Two years into a push to raise test scores in Tennessee’s lowest-performing schools, some of the most notable gains were concentrated in Memphis — and in schools that were not subject to the state’s most intensive interventions.
The findings come from the new list of 85 “priority schools” — or schools in the bottom 5 percent statewide — released by the Tennessee Department of Education on Tuesday. The list suggests that some schools in the bottom 5 percent in 2012 jumped forward without a significant overhaul, even as the state and local districts revamped other schools’ staffs, programs, and operations.
That outcome raises questions about which strategies are most effective as the state plans to expand its efforts to improve struggling schools. But state and district officials said they were satisfied with their progress up to now, noting that the bottom 5 percent of schools this year scored higher than the bottom 5 percent two years ago.
Indeed, the test score gains by schools in the bottom 5 percent were larger than the state’s overall gains over the last two years.
“This is hard work, but results from the first round … show us that it’s doable,” said state Education Commissioner Kevin Huffman. “We’ve seen signs of hope and that’s why we believe it is critical to continue investing in these schools.”
Tennessee promised to improve schools in the bottom 5 percent when it applied for a waiver from some federal education rules. The new list suggests that the goal remains ambitious: A full 50 of the 83 schools on the 2012 priority list are still on the list now, and once again all schools on the priority list serve mostly poor students.
And the trajectories of schools that landed on the first list do not at first glance offer any clear clues about the best approach to boosting performance.
Schools on the priority list can be taken over by the state-run Achievement School District or placed in a special turnaround group within a district, known as an Innovation Zone or Innovation Cluster, which grants schools additional fund as well as new staffs, schedules, academic programs. But not all schools on the list undergo formal changes.
Of the 83 schools on the 2012 list, 17 have been turned into ASD-run schools; 17 joined innovation zones; and nine, including three alternative schools, were closed outright. Thirty-eight schools — including 22 in Shelby County and three Memphis charter schools — received no intervention other than the regular school improvement strategies in place in their districts.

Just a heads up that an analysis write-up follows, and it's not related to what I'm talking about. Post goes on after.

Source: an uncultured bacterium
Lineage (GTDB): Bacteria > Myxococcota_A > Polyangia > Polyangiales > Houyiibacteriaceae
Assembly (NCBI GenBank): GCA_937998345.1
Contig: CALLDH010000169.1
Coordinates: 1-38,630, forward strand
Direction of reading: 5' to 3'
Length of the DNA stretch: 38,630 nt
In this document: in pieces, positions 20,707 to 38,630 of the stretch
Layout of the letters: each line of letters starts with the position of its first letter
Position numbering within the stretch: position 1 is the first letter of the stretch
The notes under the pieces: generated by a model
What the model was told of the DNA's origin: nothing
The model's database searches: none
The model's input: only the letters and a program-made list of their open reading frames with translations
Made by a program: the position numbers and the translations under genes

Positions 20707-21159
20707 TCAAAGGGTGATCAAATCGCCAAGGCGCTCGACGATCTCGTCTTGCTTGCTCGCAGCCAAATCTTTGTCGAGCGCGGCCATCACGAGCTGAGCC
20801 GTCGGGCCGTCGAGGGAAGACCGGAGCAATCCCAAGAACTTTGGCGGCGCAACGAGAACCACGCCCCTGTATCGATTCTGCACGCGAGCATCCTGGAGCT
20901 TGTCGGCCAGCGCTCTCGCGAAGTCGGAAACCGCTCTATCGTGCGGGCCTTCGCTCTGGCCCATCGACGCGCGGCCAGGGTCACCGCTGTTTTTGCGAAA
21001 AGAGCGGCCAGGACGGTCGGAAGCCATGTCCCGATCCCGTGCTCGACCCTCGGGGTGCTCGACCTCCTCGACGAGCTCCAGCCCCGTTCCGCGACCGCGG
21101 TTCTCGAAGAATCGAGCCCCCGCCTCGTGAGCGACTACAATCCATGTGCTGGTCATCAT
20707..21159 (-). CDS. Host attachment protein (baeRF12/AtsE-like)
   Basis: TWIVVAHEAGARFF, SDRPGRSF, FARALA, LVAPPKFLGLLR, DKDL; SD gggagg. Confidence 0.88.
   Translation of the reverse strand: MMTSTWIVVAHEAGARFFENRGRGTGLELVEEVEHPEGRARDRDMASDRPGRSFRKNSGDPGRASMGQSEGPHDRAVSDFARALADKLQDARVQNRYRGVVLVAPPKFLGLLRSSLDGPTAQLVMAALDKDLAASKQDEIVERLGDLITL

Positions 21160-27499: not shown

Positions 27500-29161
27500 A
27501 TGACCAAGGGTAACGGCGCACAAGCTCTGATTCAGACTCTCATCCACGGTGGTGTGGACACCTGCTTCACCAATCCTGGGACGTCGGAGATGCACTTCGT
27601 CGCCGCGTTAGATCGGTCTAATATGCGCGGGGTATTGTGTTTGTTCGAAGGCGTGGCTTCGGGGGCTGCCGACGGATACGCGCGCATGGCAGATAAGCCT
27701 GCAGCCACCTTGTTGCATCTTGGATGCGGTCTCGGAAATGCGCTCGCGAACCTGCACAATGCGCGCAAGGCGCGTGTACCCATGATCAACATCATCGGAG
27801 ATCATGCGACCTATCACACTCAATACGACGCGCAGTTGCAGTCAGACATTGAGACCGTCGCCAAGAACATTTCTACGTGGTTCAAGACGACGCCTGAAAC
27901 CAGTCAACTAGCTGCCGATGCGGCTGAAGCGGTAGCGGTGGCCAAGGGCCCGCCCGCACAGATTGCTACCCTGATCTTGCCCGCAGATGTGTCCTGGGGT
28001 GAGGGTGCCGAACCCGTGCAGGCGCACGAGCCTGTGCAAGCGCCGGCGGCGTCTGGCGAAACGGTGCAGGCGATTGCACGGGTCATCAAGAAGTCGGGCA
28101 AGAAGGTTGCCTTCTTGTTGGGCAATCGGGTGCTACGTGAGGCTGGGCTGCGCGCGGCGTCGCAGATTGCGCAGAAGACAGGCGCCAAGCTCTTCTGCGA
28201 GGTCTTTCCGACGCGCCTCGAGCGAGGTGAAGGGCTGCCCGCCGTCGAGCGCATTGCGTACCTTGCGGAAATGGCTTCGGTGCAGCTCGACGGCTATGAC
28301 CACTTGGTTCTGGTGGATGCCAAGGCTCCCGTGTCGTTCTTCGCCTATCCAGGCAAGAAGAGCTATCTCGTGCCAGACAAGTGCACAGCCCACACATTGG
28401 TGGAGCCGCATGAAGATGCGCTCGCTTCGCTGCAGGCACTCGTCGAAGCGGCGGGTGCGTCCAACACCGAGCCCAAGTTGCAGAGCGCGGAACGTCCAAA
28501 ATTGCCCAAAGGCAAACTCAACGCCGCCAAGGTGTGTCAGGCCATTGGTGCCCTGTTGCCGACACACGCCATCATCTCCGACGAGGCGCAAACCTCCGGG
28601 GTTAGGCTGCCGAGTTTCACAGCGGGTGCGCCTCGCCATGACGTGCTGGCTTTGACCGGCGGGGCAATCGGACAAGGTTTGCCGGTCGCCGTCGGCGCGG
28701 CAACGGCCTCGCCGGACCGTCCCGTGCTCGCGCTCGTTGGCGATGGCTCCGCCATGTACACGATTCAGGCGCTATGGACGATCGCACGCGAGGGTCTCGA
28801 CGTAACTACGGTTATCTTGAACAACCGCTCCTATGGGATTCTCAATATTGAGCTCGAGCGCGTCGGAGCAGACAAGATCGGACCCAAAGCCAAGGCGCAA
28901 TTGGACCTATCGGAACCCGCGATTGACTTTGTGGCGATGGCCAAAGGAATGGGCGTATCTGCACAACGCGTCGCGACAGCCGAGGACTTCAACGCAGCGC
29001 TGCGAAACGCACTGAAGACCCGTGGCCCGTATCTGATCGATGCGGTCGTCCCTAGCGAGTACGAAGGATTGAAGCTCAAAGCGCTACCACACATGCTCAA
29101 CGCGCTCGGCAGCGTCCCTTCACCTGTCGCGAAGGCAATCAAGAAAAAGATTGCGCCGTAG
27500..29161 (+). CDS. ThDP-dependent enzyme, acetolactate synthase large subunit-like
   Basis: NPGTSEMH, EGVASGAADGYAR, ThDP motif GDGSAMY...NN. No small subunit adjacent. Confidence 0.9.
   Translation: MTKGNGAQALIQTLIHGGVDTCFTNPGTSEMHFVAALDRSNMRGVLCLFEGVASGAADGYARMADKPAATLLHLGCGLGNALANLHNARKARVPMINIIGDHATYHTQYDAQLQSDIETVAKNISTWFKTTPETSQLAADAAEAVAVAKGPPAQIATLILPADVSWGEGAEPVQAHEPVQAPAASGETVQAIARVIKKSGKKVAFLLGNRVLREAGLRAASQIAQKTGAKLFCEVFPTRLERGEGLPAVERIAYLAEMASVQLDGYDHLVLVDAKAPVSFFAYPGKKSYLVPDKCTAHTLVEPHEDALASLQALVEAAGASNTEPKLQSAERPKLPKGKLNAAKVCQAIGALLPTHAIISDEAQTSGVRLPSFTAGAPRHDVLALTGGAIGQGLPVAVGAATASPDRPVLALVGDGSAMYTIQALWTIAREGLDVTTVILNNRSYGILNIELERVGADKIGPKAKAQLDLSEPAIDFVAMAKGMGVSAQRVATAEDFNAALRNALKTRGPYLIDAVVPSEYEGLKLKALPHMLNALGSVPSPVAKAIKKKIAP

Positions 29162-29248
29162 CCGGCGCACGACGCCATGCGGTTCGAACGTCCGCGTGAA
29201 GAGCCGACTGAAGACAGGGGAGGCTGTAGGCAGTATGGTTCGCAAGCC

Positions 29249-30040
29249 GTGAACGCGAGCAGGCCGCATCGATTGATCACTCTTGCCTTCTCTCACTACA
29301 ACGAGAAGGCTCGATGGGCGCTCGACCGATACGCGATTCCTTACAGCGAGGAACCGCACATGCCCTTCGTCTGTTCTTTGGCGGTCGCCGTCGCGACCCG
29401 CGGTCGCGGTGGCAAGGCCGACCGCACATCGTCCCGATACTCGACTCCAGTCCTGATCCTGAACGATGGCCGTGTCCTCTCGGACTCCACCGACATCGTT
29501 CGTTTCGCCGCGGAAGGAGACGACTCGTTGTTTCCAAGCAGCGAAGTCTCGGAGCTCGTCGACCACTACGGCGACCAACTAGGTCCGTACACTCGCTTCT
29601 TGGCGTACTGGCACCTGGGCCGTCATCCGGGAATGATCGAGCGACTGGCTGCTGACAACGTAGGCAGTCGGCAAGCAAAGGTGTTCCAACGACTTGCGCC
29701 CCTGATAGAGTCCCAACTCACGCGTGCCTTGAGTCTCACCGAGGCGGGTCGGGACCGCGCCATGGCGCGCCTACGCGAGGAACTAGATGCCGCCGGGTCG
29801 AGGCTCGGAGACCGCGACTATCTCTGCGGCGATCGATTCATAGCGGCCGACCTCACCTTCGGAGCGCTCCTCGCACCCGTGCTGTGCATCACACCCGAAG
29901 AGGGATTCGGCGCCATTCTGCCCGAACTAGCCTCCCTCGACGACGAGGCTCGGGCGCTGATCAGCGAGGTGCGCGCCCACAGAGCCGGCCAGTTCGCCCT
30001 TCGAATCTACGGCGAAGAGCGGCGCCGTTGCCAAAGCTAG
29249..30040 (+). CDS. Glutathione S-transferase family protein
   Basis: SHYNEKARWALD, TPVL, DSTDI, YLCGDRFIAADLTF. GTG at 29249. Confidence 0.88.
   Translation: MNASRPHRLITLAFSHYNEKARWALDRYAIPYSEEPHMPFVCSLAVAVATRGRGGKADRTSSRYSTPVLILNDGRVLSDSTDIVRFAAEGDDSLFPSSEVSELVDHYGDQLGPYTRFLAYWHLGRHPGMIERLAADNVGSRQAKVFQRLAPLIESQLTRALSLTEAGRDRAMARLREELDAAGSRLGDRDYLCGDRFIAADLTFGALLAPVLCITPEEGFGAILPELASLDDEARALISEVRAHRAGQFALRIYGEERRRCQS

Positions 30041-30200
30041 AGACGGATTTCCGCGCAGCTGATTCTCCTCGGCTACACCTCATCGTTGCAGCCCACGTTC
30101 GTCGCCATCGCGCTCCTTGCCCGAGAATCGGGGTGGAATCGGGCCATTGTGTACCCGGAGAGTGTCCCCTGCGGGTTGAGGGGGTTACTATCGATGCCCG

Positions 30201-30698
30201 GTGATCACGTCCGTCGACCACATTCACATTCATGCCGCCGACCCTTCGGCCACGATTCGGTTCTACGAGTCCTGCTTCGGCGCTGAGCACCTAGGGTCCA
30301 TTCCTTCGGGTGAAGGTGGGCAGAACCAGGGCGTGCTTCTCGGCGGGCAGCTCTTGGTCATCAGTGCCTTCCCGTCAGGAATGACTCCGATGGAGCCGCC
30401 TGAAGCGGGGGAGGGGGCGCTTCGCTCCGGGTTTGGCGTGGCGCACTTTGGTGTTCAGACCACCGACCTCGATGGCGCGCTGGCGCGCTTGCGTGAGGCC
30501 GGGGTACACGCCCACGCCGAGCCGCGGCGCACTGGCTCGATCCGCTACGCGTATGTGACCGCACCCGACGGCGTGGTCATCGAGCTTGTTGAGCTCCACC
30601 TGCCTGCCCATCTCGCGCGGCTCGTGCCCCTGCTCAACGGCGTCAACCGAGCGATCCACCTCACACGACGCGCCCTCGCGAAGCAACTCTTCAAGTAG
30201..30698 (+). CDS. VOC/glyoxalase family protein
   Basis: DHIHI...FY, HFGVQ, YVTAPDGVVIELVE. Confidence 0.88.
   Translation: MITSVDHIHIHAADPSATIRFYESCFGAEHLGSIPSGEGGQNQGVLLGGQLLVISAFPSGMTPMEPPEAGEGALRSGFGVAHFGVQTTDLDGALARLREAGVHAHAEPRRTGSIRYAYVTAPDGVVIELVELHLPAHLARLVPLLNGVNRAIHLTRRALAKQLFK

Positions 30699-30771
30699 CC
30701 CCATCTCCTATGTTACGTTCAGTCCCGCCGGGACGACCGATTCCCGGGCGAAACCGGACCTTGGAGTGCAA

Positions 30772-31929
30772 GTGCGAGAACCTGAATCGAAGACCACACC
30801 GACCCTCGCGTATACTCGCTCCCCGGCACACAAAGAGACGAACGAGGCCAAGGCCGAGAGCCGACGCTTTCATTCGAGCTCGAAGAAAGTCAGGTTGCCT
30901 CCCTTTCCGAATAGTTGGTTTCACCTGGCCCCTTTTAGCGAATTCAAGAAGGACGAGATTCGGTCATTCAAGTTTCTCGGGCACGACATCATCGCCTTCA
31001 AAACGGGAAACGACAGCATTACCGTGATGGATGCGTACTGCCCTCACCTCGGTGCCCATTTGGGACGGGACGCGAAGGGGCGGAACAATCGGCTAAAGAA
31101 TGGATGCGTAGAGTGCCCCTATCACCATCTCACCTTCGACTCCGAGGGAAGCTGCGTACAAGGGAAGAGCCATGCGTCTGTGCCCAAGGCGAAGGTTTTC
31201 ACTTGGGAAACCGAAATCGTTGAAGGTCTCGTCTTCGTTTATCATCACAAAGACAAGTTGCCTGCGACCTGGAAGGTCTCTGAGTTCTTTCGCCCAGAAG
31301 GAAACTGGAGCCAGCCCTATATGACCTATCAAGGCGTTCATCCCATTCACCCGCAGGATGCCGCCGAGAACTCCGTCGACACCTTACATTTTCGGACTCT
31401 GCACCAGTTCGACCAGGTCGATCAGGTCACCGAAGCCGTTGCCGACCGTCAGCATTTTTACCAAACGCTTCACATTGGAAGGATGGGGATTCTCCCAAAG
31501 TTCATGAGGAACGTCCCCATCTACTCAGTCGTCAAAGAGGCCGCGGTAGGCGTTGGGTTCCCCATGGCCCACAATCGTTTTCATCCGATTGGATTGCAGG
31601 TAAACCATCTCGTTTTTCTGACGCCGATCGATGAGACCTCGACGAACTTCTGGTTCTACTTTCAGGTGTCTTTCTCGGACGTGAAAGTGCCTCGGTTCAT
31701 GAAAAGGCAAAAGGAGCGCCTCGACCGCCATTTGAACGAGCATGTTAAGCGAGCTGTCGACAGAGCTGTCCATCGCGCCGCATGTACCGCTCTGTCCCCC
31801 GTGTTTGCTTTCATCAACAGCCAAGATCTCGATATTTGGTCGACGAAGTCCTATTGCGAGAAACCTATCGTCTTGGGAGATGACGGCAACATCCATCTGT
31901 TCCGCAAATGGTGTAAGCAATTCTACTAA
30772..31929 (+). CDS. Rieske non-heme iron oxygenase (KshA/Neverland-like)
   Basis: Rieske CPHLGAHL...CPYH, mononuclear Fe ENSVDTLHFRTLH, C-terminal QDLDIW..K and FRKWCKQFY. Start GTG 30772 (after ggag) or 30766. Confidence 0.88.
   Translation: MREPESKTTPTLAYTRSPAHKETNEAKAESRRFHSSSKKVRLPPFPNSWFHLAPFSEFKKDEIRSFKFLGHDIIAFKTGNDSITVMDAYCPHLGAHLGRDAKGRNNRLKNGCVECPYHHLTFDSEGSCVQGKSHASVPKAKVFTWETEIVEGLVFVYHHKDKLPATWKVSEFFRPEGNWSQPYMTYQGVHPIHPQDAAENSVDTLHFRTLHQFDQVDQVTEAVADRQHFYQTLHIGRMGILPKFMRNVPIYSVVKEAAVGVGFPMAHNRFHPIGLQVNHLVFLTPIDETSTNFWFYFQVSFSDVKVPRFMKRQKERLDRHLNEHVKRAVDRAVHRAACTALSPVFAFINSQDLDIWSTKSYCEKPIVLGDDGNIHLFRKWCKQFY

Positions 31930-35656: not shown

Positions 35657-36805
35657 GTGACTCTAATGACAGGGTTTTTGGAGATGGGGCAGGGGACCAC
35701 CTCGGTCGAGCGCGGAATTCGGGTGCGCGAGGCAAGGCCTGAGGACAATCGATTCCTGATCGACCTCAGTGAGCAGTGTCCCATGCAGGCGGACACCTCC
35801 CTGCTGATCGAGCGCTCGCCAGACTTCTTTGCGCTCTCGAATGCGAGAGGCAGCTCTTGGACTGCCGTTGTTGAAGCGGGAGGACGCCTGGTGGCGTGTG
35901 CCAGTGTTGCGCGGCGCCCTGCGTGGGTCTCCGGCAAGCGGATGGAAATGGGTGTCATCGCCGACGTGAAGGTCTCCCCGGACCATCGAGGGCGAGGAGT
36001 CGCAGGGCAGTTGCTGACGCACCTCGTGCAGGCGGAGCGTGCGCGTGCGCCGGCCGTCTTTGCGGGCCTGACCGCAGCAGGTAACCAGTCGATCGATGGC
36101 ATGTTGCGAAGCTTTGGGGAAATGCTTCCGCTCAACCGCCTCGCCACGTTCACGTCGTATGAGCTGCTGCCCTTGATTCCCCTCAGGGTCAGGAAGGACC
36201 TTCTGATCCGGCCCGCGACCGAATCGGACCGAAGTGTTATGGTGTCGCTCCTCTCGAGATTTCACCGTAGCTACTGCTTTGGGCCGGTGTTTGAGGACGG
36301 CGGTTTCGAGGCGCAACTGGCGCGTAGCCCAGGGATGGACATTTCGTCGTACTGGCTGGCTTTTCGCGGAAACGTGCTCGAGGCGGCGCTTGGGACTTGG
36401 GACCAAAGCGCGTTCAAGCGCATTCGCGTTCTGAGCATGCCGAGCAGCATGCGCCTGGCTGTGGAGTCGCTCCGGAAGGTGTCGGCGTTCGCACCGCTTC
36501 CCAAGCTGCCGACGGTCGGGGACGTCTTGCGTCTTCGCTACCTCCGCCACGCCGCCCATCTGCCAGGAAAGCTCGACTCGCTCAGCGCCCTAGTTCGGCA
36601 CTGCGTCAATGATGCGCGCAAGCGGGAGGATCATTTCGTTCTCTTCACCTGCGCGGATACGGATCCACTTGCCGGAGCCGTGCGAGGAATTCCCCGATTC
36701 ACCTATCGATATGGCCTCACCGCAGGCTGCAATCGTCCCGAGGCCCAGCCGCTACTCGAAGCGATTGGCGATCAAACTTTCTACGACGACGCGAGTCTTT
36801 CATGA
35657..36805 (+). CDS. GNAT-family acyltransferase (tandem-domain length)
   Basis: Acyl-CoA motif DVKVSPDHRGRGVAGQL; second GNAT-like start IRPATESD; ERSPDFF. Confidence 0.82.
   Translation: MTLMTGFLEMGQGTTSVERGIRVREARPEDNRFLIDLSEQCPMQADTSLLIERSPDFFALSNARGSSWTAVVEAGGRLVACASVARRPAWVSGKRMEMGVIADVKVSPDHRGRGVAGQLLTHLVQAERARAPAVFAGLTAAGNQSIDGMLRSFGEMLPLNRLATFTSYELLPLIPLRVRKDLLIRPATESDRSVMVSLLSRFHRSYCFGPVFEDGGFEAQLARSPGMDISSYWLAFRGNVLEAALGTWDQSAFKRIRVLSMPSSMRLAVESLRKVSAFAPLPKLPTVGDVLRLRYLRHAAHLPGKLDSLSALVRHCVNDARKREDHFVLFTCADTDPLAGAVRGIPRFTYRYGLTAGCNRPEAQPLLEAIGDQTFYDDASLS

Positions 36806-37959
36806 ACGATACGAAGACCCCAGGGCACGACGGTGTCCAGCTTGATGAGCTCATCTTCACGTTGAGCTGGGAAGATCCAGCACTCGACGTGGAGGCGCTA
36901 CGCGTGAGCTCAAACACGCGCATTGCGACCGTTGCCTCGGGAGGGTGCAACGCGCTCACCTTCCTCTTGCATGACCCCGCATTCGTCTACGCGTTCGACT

Some schools that fell into each of these categories boosted scores enough to get off the priority list.
The 13 schools in Shelby County’s “Innovation Zone” fared best. Six of them, or nearly half, improved so much that they are no longer at risk of state takeover.
The three Memphis charter schools and nine of the 22 Shelby County Schools that were not closed, placed in the I-Zone or added to the ASD are also no longer on the priority list.
That was true for just one of the four schools that Nashville placed into its “Innovation Cluster.”
In the state-run ASD, two of the six schools the district took over two years ago—one in Memphis, one in Nashville—were no longer in the bottom 5 percent. The schools the district added last year were not eligible to come off of the list due to state rules, while three ASD elementary schools do not appear on the new list because they do not have tested grades.
Of the 85 schools on the new list, just 59 are in Memphis, including nine that the district no longer runs — down from 69 two years ago. Eleven Nashville schools joined the list for the first time.
“The good news is that Memphis had a lot of schools moving off the list,” said Barbara Prescott, a former Memphis City Schools board member who is now the director of the PeopleFirst initiative.
Kevin Woods, the chair of Shelby County Schools’ board, said the strong showing by Memphis schools reflects the fact that the district supports all of its schools, not just the ones that it tries to overhaul.
“The results we are seeing reflect the work of strong and stable school leadership,” he said. “The results are not just in our I-Zone schools but in many of our schools that have chosen to recruit and retain the best teachers while also using data to drive decision-making.”
And the head of the state’s largest teacher group said the new list showed that existing schools could also improve students’ performance without shaking up their staffs.
“The teachers and administrators are going above and beyond trying to provide a quality education to all the students and our public schools,” said Barbara Gray, a former Memphis City Schools administrator and the new president of the Tennessee Education Association, in an interview. “We need to invest in our traditional public schools.”
ASD Superintendent Chris Barbic said he was satisfied because the previous list had been a wake-up call that moved the state in the right direction.
“When we see a sense of urgency that didn’t exist before, that’s great. The days of having a failing school for a decade are over,” Barbic said. “Part of the value of the ASD is the existential threat of the ASD: If your school doesn’t get better it’s going to get taken away. ”